It’s one of my favorite origin stories: In the 1950s a young Dolly Parton comes down from the mountain at Locust Ridge with her family—to get groceries or maybe to attend church in the small community of Sevierville, Tennessee—and she sees, on the street or in the store, what she later describes as the town whore. The woman’s hair is big and her clothes are tight and she wears what must have been an uncommon amount of makeup for the conservative, poor people who lived in this modest mountain town. Dolly’s immediate, innocent impression of this lurid presentation of femininity: she has just encountered the most beautiful creature on earth. Dolly’s mother says to her, “That woman ain’t nothing but trash.” And young Dolly thinks to herself, “That’s what I want to be when I grow up. Trash.”
A decade later this instance—like a fingerprint pressed into wet concrete, even with thousands of other days on top of it—will still be visible, despite Dolly having seen, by this point, the many other obvious ways for a woman to be in the world. This was the interaction that left the deepest mark, the one that she felt most alive in, the one that mattered more than all the others. She fashioned an entire identity around it, and made it her own.
Another one of my favorite origin stories is the geological history of the county where I grew up. Most of Southern Illinois is leveled farmland interrupted by little towns. But on the east edge of Saline County, where the Shawnee Forest begins, the earth creases into a chain of hills and mountains—a stunning disruption in an otherwise unending flatness. This oddity in the landscape tells a violent story about ancient earthquakes splitting open the bedrock. Deeper into the hills, if you hike up through the inclining forest, sandstone boulders stand higher than houses. East of Williams Hill, one of the steepest ascents in the state, is a half-mile cluster of sandstone formations towering like a long cliff, the rippling rocks shaped under the weight of prehistoric glaciers that melted into a vast inland sea that dried up millions of years ago. In every direction, under the constant canopy of oak, hickory, white pine, and elm, there are clear springs sliding and pooling over more exposed sandstone, funneling into underground caves that branch chaotically in the startling dark of inner earth. Driving down the interstate, or past the boredom of strip malls in the nearest towns, you’d never know there was this mesmerizing reminder of deep time merely miles away. And it’s precisely the rarity of it that makes it such a powerful place.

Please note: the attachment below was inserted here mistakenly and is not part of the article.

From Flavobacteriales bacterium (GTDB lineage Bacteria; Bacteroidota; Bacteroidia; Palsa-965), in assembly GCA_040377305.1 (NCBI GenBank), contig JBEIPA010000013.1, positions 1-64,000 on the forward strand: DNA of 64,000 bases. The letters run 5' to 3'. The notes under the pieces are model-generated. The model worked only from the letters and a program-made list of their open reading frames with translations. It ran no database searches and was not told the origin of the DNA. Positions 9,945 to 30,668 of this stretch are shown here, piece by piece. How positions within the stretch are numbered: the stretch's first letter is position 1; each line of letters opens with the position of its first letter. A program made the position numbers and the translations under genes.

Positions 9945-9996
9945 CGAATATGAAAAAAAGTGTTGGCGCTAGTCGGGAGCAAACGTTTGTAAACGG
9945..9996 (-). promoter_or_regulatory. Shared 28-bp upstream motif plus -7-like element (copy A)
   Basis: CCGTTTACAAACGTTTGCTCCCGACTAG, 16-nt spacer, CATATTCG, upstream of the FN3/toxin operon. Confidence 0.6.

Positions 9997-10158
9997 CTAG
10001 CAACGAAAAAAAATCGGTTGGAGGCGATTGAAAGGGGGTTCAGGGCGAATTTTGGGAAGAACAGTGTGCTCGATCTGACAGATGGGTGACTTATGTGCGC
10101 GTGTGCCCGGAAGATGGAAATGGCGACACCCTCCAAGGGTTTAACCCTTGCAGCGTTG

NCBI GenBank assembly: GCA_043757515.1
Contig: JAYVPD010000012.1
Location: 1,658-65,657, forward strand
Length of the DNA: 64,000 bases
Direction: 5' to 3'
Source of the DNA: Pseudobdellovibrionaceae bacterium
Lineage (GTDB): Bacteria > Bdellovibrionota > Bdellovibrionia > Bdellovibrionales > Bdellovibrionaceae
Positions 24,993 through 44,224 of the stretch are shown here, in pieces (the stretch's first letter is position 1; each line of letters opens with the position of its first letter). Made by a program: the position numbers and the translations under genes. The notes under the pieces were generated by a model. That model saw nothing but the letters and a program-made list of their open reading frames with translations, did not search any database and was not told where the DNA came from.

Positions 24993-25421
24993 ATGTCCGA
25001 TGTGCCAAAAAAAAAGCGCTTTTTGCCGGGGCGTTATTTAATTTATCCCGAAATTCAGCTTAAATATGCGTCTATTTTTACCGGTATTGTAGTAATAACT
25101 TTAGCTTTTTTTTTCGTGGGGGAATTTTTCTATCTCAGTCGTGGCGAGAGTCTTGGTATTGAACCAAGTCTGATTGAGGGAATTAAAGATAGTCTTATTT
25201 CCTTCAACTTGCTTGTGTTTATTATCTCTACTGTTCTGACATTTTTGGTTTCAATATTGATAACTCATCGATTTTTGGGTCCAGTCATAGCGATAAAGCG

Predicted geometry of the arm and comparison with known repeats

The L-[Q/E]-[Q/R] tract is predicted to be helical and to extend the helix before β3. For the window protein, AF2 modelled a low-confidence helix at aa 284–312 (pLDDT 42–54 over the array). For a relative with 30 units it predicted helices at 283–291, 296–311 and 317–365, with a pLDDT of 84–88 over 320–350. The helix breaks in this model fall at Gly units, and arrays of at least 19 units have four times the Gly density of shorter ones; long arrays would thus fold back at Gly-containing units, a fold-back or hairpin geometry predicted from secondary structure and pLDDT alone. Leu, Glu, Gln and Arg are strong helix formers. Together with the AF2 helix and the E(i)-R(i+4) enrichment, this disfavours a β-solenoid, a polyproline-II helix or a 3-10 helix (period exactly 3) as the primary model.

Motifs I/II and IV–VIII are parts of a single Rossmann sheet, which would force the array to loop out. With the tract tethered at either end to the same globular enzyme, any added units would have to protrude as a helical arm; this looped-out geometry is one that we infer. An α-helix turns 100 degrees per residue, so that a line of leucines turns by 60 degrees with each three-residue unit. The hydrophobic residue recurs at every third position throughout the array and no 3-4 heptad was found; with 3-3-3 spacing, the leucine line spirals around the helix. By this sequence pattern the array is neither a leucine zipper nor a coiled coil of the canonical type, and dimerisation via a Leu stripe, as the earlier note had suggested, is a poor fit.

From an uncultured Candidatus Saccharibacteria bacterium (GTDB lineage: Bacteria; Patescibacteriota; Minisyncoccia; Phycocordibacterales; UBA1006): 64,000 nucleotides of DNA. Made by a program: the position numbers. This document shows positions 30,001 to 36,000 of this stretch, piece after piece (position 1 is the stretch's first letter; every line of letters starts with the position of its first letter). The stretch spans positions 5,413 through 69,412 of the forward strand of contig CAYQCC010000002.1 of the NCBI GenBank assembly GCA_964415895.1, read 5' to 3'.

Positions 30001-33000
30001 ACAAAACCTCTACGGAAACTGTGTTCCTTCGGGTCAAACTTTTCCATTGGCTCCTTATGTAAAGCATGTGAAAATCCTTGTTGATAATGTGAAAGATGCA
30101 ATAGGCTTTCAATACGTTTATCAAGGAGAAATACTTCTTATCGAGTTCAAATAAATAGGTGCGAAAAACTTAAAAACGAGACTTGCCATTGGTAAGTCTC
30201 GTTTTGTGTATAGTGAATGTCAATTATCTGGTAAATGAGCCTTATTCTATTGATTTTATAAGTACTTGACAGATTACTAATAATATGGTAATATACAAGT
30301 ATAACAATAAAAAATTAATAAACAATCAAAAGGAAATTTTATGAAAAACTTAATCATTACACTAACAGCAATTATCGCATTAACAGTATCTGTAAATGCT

Throughout most of our lives, we toggle restlessly between the safety of conformity and the live wire of rare beauty. We align ourselves with some predominant pattern to alleviate not just our own loneliness, but the perceived loneliness of others around us—until some wild, original thing appears and, against our simpler nature, we leap for it. What makes the difference? What childhood occurrence stands out from the rest, enough to build an origin story around?
In the fall of 1986 I turned seven years old, and my father gave me a used black Magnavox boombox. It was sitting on the coffee table when I came home from school. “Push play,” my dad said, and the look on his face confused me, until I realized that the surprise—the actual gift—was the cassette tape he’d already put in the player. So I pushed play. Looking back, it’s obvious that he had fast-forwarded to the song he knew I would immediately recognize and want to hear, because I’d heard it on the radio in the car several times and sang all the words. But when I pushed play, I suddenly felt embarrassed, uncertain, because I loved the song very much and the gift meant that my dad knew: that he saw me, and approved of my loving it. I couldn’t have articulated it then, but I wasn’t sure if I wanted my dad to understand me in this way. I had some ineffable sense that loving Dolly Parton might be something I should hide.